LP is...Vivaldi for me, still...I know many believe Poeta is his masterpiece/best program in his whole career and I agree with them...'artistically'. Especially at 2007 Tokyo Worlds where, in spite of jump mistakes, I had goosebumps while watching it the whole time 4 mminutes d half! However, if I see it as a competitive program, I feel a bit incomplete becasuse of lack to ice coverage/over all speed/too many stops with dance at one place. (Sorry to say this and please don't get me wrong, becasuse I also knew his injuries over the years is part of its reason...)
With Vivaldi program in 2005-06 season, Stephane was literally 'flying' with joy over the ice, expressing every note of the music with his whole body while executing hardest jumps (2nd quad in the second half!), doing most difficult steps and spins at the same time!!! That was figure skating, the sport I fell in love, for me. Stephane exactly demonstrated 'figure skating' with this program, not mere hard jumps, not numbers of revolutions/change edges/positions required in spins, not all about skating skill, nor requirements to get level 4 step sq. A mixture of everything that was performed on the ice throughout 4 minutes+half!
As for Buttle, SP is probably Rachmaninov as a competitive program. Adios Noninos at 2007 Worlds comes to close second, though.
There are so many free programs of his that I really like, so I just can't pick up one...maybe Ararat at 2008 LA Worlds where he skated so perfectly (though I still prefer his white shirt with blue emboideries in the previous season).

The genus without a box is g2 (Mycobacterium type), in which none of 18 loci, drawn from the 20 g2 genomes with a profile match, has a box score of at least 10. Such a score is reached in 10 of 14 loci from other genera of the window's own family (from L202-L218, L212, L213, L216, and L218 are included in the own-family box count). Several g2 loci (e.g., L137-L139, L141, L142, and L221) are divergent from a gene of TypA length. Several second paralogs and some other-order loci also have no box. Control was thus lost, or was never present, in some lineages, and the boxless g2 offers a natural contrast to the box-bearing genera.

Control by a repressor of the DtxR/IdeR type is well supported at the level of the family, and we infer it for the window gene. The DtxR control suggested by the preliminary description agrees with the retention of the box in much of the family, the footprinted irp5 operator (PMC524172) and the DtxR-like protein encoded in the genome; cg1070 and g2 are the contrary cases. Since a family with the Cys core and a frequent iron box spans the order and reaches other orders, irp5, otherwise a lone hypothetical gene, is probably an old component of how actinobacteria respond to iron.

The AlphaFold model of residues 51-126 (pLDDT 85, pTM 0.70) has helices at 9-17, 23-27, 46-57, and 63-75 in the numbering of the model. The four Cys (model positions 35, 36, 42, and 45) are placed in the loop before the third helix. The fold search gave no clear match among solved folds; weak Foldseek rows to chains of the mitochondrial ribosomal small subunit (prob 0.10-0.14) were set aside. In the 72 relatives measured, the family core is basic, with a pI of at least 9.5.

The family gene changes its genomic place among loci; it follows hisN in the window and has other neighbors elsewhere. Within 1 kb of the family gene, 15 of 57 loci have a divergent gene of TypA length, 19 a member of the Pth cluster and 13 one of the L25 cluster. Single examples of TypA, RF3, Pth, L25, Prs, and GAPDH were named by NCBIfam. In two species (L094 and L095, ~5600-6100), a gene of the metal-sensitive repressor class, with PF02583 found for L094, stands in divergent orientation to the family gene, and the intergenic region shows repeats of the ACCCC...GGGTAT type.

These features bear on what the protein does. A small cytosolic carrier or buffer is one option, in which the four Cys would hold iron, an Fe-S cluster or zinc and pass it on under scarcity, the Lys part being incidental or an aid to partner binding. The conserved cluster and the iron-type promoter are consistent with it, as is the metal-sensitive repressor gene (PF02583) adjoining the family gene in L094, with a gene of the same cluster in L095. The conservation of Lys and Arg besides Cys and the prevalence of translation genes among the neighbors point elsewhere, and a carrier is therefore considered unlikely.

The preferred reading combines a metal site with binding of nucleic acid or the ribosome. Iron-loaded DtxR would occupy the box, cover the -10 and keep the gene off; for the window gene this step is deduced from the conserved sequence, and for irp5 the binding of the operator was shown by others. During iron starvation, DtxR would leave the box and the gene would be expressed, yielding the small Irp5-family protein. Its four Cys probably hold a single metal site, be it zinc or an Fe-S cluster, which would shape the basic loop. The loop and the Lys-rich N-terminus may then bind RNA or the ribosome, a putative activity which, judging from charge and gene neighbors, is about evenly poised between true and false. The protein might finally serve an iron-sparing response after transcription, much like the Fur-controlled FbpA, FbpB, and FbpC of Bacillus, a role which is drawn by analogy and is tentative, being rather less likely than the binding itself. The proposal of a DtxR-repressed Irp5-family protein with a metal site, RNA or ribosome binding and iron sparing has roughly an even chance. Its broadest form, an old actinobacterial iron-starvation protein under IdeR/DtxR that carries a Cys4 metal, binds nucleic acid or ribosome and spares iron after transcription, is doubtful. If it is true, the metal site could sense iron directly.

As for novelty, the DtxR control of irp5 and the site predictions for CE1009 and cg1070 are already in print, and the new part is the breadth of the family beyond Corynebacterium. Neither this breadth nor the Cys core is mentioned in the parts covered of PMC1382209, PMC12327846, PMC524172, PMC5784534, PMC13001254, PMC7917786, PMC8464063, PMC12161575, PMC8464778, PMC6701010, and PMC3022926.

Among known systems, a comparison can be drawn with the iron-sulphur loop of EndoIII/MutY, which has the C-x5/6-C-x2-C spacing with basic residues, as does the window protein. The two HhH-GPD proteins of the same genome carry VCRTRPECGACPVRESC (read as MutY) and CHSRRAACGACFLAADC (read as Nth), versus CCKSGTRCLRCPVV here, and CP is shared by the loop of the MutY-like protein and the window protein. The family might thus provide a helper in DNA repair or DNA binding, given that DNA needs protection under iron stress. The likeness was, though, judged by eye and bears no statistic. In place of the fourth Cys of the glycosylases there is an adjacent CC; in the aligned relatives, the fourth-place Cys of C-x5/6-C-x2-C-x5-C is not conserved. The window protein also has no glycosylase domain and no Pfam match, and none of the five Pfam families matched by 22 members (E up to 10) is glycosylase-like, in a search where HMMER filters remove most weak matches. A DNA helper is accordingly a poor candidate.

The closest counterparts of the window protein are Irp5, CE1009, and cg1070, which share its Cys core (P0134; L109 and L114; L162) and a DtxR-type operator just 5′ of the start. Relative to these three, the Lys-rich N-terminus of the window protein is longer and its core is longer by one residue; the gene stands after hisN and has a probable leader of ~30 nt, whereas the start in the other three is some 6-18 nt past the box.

I agree with you, IP, many of their programs are pure 'gems' in this CoP era. Around 2005-7 seasons, I did believe that we were going to encounter with many great programs such as Stephane's Vivaldi, Jeff's Glenn Gould, Dai's Klook or Tessa/Scott's Mahler, and that we were going to see many wonderful/exciting/beautiful/artistic skaters like them who can demonstrate a true figure skating. But the reality is, I am just an amateur fan so I don't know it for sure but...each season we get to see such great programs/skaters, say, not more than 10, maybe?
->I much prefer this shirt for his Ararat, though: http://www.youtube.com/watch?v=cpdzA20mgy0
Oh, I miss Stephane and Jeffs so much! IP, thanks a lot for reminding me of them. One of the reasons I love Steph, Jeff and Dai so much is every season they could make competitive programs, its choreographies, step sequences, etc. of their own's, and at every competition they entered or at every show appearance, they could always bring something special to the ice and bring the joy of skating to us, regardless of mistakes or not. (For that matter, I feel a bit disappointed with younger skaters and blame it to ISU , except a couple of the mentioned in my previou post.) The intensity, strain and excitement during 6-minute warm up by the final group at 2007 Tokyo Worlds was the 'best and worst' moment for me, probably, because I loved all of them; the very best six skaters that year: Brian, Jeff, Dai, Johnny, Evan and Stephane, so I got so nervous for each one of them and I just did not know who to root for the most!
P.S. Buttle's style of skating was considered as ideal and most desired by ISU upon introduction of IJS/CoP, wasn't it?
That must have been some experience, watching that worlds live! I'd have been similarly anxious for everyone. Who could choose between Stephane, Jeff, and Daisuke--and then to add Brian, Johnny, and Evan to the mix.
That's an interesting point, that many of the greatest skating programs of recent times are also CoP gems. Certainly YuNa's programs qualify for that description. I wonder, though, whether some of these programs come from a time when CoP was calibrated slightly differently from the way it's set up now? Does anyone have any thoughts about that? I mean, at the beginning of CoP, Sasha held the points record for ladies for the first few years. She'd hardly score that high with such programs now. Have the criteria evolved?